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Significance estimation for large scale untargeted metabolomics annotations

By Kerstin Scheubert, Franziska Hufsky, Daniel Petras, Mingxun Wang, Louis-Félix Nothias, Kai Dührkop, Nuno Bandeira, Pieter C. Dorrestein, Sebastian Bocker

Posted 17 Feb 2017
bioRxiv DOI: 10.1101/109389 (published DOI: 10.1038/s41467-017-01318-5)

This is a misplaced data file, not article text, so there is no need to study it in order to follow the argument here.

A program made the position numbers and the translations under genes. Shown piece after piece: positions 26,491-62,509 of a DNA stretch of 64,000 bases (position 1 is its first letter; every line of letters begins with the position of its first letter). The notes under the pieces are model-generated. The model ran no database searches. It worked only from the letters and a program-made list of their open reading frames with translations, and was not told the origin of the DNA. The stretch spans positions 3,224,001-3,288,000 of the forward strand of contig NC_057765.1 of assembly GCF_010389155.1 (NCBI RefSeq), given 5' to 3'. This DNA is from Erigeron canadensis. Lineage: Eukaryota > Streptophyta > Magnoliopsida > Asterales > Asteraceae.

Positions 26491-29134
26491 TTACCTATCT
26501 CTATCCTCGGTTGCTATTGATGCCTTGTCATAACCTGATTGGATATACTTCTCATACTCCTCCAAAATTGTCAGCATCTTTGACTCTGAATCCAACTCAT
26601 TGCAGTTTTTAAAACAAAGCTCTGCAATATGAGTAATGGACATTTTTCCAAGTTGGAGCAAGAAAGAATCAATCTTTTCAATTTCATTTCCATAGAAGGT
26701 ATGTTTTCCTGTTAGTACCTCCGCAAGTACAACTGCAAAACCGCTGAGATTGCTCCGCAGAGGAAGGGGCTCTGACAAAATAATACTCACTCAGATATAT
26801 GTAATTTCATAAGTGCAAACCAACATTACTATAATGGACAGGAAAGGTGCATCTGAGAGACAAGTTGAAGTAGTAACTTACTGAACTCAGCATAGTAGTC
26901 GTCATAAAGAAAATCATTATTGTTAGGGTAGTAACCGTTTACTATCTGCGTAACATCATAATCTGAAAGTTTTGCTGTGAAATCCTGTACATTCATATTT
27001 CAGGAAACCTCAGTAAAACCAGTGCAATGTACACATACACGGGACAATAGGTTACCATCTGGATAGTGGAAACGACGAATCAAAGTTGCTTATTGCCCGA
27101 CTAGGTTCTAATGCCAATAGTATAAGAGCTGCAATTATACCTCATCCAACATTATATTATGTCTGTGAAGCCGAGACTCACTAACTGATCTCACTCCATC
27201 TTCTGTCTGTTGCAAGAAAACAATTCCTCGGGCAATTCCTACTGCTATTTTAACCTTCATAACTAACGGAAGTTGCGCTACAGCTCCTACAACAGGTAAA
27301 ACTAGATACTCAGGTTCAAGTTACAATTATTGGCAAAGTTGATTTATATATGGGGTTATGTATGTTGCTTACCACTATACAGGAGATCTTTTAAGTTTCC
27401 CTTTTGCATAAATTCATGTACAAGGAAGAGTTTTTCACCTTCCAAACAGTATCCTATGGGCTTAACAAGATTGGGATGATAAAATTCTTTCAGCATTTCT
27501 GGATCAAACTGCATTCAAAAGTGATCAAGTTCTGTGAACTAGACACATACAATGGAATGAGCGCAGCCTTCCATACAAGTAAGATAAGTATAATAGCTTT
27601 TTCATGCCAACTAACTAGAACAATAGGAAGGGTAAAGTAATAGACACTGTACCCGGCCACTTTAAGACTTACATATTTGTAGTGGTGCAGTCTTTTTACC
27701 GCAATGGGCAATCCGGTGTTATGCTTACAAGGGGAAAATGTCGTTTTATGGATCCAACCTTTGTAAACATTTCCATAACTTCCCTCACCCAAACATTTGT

The annotation of small molecules in untargeted mass spectrometry relies on the matching of fragment spectra to reference library spectra. While various spectrum-spectrum match scores exist, the field lacks statistical methods for estimating the false discovery rates (FDR) of these annotations. We present empirical Bayes and target-decoy based methods to estimate the false discovery rate. Relying on estimations of false discovery rates, we explore the effect of different spectrum-spectrum match criteria on the number and the nature of the molecules annotated. We show that the spectral matching settings needs to be adjusted for each project. By adjusting the scoring parameters and thresholds, the number of annotations rose, on average, by +139% (ranging from -92% up to +5705%) when compared to a default parameter set available at GNPS. The FDR estimation methods presented will enable a user to define the scoring criteria for large scale analysis of untargeted small molecule data that has been essential in the advancement of large scale proteomics, transcriptomics, and genomics science.

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